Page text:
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June 22, 2009The USC men's basketball program caught the stench of optimism for the first time since a salacious allegation, a slew of decommitments and the loss of a handful of players to the NBA shook the team to its core.
Monday, a new leader emerged.
USC athletics director Mike Garrett introduced Kevin O'Neill as the new men's basketball coach to the media and the Trojan family, and the man who was labeled as a "disciplinarian" and whose delivered his fair share of four-letter rants did his best to charm.
He said he would be opening all practices to the media. He offered up his cell phone. He cracked jokes.
After introducing his wife, Roberta, O'Neill said, "There won't be any questions about recruiting I trust. I can recruit, obviously."
While an ongoing NCAA investigation may have steered some top names away from taking the job, O'Neill said he couldn't wait to sign on - sanctions or not.
"I really didn't care what had happened. We didn't get into details. That's not my place," O'Neill said. "I would've taken the job no matter what from the beginning because it's USC. It's a prime opportunity athletically and academically.
"The fact that there's an investigation going on never changed my view of the university. We're going to deal with whatever comes out of this and be positive. We'll move forward."
Now, it's on O'Neill to convince recruits the same thing.
USC's 2009 recruiting class, at one time one of the nation's best, is now virtually empty. O'Neill said he won't just hand out roster spots.
"I don't want to take guys to take guys," he said. "I don't think that makes sense. I don't want to put us in a position where we're tied to guys who can't help us. We're going to need better players to compete for a Pac-10 championship.
"I'd rather have less players this year and get 2010 and 2011 rolling right."
O'Neill took time to address his reputation for being a defensive-minded coach and for being a brute when dealing with players.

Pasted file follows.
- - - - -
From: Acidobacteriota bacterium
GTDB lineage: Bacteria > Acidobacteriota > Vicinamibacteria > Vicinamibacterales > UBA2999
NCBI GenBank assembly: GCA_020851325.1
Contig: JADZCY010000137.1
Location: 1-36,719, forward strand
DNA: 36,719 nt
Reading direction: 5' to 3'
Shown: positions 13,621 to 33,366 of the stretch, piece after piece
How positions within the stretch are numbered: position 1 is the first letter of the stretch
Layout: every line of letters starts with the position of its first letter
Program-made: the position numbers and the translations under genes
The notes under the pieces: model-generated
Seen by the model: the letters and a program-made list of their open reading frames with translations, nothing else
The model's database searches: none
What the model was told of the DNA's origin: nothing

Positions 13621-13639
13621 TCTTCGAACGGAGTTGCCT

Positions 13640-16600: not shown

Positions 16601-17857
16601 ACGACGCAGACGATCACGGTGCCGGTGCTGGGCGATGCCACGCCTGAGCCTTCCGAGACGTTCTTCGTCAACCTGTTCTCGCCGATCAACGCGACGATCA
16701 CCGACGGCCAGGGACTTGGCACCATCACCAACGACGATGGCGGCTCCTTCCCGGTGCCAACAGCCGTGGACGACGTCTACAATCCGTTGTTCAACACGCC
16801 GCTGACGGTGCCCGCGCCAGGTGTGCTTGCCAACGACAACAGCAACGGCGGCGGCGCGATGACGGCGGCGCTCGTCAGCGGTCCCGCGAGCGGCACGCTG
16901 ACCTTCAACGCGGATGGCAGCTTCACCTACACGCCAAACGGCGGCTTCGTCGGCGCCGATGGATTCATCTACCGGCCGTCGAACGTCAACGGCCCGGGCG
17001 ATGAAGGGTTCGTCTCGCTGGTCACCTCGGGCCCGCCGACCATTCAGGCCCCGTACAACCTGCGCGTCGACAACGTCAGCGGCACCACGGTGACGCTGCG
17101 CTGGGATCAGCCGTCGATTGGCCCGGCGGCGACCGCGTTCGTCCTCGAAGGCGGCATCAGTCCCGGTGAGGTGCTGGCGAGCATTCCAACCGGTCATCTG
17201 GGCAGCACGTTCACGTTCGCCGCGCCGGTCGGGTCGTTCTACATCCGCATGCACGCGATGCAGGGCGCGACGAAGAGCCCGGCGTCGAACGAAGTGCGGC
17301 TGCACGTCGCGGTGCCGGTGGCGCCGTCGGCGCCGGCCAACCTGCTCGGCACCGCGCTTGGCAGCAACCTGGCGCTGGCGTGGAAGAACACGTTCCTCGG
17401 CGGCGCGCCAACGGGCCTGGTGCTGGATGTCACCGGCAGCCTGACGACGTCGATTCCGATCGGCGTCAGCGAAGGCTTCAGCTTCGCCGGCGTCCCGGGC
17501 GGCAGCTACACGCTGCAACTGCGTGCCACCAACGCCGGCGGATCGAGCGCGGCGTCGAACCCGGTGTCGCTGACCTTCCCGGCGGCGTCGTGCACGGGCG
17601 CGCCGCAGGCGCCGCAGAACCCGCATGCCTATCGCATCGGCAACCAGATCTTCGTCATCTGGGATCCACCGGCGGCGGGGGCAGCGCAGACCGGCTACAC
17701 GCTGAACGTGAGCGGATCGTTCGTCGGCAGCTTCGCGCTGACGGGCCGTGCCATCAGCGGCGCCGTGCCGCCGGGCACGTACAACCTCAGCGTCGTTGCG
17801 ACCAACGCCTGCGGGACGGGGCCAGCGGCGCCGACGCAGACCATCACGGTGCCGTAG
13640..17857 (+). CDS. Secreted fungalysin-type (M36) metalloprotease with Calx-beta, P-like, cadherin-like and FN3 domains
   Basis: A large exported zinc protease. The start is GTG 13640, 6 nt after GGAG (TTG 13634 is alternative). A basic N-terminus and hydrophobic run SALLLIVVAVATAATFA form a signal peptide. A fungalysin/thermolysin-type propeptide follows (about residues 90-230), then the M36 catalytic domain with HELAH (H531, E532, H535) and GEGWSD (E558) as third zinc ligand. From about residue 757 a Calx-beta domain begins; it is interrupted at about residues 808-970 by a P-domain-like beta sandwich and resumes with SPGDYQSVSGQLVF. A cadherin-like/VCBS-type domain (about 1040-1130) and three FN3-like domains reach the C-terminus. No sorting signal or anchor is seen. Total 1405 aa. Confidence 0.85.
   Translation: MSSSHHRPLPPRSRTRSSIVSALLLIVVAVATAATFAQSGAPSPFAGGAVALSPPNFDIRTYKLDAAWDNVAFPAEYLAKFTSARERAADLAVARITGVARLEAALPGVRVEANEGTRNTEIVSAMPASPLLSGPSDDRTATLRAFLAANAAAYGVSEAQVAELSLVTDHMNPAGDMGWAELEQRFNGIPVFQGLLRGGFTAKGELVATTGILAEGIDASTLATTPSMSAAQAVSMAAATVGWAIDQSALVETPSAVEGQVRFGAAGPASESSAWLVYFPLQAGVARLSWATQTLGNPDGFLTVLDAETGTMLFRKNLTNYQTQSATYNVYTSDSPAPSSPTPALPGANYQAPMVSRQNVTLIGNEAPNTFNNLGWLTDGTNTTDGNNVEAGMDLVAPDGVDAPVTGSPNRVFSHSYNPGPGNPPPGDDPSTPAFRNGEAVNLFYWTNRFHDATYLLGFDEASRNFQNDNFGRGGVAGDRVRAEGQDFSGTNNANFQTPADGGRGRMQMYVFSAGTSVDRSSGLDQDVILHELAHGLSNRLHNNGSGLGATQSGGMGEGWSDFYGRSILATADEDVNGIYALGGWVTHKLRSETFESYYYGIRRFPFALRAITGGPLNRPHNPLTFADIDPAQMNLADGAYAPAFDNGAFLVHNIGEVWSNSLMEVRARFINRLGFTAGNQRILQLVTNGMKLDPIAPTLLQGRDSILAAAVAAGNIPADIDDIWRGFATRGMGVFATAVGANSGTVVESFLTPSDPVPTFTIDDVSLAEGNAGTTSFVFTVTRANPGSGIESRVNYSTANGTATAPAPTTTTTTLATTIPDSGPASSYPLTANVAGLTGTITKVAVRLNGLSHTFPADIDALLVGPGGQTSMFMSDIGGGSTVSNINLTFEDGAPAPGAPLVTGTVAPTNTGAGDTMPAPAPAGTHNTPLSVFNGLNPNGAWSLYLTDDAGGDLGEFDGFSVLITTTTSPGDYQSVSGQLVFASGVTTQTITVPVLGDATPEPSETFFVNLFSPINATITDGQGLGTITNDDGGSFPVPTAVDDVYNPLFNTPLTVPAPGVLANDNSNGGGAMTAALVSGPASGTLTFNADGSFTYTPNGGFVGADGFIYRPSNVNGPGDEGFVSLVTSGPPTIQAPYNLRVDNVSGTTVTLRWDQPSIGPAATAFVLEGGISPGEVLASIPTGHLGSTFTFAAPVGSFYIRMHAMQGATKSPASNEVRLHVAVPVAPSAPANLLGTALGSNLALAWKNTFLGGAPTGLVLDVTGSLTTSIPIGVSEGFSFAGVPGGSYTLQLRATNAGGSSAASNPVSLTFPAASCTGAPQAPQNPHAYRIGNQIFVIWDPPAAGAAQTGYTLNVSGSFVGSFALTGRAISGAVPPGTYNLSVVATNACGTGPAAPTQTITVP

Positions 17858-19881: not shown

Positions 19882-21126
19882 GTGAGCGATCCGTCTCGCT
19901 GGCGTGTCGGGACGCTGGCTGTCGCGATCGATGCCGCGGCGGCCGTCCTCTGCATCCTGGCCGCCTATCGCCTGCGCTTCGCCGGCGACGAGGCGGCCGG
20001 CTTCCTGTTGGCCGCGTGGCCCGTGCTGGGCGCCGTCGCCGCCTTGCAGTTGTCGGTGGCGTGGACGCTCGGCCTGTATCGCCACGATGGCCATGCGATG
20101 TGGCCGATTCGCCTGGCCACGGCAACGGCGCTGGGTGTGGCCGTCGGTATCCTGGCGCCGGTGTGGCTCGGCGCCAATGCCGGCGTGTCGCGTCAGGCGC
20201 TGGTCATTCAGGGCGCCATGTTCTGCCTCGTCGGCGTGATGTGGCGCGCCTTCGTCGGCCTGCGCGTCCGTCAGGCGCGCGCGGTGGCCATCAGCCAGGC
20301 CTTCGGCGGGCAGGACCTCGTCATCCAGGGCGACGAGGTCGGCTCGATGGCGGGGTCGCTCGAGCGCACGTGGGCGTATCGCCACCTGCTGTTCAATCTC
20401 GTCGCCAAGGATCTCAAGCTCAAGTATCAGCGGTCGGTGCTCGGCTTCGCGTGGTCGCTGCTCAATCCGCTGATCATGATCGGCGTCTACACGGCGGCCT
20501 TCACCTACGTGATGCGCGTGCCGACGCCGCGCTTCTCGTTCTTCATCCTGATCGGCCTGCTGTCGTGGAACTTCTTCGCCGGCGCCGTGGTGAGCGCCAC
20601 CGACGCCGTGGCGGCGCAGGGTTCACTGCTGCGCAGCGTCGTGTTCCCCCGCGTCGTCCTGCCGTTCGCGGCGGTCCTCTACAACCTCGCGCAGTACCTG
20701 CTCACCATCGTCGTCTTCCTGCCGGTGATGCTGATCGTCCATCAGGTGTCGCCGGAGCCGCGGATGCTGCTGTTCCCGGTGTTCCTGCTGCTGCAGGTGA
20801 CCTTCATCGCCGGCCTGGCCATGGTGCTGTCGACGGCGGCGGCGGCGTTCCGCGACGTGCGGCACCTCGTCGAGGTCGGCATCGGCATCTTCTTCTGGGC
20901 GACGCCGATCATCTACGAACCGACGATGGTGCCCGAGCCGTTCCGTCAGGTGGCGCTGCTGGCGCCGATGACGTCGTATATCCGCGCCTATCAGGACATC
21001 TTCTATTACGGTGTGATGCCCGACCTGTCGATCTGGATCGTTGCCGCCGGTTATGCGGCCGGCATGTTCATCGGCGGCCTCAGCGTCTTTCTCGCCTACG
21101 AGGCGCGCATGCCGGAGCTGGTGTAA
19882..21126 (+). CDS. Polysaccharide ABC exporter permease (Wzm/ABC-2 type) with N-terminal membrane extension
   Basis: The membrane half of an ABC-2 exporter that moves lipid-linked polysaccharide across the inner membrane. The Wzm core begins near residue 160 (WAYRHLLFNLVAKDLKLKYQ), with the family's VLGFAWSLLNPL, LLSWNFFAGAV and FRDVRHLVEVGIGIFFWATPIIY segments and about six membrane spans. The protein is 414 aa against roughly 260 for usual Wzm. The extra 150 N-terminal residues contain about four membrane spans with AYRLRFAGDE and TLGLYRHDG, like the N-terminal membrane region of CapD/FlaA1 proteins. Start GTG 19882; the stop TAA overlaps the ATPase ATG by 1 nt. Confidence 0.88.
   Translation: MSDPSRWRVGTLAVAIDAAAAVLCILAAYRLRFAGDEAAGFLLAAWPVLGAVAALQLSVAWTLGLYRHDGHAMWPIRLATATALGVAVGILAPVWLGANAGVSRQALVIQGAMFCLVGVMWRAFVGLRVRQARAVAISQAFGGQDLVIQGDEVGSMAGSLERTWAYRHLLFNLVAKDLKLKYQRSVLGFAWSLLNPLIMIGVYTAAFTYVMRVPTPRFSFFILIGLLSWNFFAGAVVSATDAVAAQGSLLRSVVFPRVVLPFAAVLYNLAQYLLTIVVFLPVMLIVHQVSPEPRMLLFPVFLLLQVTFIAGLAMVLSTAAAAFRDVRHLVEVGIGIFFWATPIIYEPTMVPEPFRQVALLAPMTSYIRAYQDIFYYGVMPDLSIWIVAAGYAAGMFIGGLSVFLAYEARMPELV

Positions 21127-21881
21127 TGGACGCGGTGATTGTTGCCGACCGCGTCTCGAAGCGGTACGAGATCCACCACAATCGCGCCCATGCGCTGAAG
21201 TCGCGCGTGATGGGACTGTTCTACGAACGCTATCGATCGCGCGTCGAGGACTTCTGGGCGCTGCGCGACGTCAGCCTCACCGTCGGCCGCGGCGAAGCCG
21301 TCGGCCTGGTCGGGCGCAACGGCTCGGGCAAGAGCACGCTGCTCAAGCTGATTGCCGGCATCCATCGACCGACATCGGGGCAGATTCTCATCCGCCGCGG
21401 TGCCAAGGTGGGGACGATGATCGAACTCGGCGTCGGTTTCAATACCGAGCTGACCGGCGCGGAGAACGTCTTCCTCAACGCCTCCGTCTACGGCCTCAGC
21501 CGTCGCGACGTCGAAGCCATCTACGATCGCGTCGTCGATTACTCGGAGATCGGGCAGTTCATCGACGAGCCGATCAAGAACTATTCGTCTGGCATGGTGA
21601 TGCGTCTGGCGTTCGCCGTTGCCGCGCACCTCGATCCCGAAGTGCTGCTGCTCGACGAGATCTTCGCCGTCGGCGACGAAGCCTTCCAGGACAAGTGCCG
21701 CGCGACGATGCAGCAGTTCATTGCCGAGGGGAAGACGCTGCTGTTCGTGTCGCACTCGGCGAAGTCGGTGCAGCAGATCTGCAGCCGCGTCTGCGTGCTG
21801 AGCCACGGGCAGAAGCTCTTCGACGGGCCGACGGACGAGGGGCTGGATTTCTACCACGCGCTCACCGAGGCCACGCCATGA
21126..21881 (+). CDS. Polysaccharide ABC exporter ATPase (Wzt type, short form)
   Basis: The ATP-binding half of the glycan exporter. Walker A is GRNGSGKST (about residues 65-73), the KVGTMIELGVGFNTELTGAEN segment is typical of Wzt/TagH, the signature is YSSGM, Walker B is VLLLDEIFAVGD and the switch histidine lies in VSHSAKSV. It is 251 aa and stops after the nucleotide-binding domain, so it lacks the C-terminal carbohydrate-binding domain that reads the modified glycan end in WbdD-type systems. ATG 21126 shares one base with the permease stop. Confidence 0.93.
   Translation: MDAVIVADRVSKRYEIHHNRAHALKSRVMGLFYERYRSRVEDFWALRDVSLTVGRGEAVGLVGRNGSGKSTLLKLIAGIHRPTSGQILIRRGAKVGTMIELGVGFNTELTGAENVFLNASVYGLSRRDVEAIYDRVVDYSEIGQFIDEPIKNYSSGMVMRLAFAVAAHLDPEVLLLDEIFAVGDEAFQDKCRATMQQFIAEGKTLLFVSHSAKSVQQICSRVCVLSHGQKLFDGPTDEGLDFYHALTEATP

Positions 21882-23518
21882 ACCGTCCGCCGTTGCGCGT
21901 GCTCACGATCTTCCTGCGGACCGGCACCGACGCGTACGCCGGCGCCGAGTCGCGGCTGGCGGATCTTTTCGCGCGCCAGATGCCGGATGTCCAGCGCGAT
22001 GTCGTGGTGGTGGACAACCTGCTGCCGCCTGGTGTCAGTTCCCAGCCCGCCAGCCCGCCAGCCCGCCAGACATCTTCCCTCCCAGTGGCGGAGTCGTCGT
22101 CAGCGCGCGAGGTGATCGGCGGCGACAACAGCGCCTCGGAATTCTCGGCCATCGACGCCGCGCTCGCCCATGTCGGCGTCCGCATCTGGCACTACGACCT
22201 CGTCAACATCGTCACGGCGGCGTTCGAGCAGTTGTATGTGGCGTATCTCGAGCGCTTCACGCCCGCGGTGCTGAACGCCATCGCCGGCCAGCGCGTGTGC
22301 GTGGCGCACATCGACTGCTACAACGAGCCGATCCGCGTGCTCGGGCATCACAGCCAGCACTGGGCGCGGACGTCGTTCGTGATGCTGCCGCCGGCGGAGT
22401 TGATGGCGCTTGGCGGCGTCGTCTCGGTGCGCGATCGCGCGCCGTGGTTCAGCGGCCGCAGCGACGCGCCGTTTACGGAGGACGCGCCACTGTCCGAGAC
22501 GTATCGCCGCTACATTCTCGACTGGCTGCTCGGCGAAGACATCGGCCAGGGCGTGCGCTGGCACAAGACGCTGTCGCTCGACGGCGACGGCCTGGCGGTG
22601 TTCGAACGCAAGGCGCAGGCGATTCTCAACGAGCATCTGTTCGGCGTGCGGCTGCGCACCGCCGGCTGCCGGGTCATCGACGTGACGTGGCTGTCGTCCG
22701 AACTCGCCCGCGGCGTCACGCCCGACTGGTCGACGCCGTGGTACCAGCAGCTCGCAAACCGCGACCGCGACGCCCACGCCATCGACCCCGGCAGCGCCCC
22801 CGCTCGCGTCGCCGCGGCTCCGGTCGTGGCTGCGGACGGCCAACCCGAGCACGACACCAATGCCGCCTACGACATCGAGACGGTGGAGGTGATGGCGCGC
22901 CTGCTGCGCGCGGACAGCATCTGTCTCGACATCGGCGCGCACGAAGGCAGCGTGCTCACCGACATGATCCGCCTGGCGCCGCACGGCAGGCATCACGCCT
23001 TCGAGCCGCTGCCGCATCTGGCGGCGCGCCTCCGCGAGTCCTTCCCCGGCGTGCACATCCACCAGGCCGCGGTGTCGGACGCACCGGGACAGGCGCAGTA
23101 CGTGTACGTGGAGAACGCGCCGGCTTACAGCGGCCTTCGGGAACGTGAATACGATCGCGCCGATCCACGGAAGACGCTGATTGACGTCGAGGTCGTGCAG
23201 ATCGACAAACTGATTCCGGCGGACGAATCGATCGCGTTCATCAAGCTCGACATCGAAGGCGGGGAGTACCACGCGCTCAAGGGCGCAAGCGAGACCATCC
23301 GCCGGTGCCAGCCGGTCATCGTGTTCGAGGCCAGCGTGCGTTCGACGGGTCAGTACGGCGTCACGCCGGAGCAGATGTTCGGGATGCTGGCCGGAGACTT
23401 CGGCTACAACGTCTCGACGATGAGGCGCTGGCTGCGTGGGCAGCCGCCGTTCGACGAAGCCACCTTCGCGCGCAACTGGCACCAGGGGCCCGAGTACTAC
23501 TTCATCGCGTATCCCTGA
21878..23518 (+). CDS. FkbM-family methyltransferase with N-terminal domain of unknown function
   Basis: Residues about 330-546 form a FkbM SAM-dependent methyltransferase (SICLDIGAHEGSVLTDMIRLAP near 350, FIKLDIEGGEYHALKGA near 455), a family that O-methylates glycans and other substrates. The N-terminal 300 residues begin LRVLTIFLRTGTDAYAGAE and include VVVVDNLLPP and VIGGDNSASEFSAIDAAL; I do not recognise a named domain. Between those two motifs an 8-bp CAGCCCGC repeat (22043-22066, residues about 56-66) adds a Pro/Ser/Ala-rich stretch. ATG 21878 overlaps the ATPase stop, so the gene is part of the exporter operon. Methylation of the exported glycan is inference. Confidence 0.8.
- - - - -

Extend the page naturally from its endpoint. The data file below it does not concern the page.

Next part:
O'Neill said he knows players haven't always liked him, but he hasn't always liked players. He said he only demands his players be on time and "not be jerks."
"Contrary to popular (opinion), I'm not Darth Vader," O'Neill said. "You'd think I was slaying people every time I turned around.
"To me, expecting guys to go to class, to be on time, to work hard, to treat their teammates with respect and be responsible, if that's being too hard, then I'm too hard."
If those expectations for his players are met, O'Neill thinks his team can succeed sooner than later.
"I think we have good players here. I think we have a good group of core guys," O'Neill said. "It would be my expectation that as soon as we hit the practice floor that we're thinking about nothing short of being in the NCAA Tournament."
Garrett wouldn't disclose the terms of the contract, but both he and O'Neill said they had hopes that the partnerships would last for an extended period of time.
"Everyone I talked to wasn't shying away from USC. It wasn't a selling job. It was about finding the right fit," Garrett said. " When I started talking to him, he's the one I wanted. He's what we needed to have."
Players like Leonard Washington wandered in to the press conference to hear what O'Neill had to say.
"I'm in wait-and-see mode," Washington said. "That was my first time seeing him in person. It sounds like he's going to come in and try to keep the program going - even pick it up some."
Washington said he's not considering transferring, and he'll be one of O'Neill's top returners in 2009.
"I'm just worried about the guys who are here and do the best job we can to help them compete the best way we can," O'Neill said. "This is a competitive group. I think these guys will play good basketball every single day. I think they'll work hard.
"And, I think they'll surprise some people."
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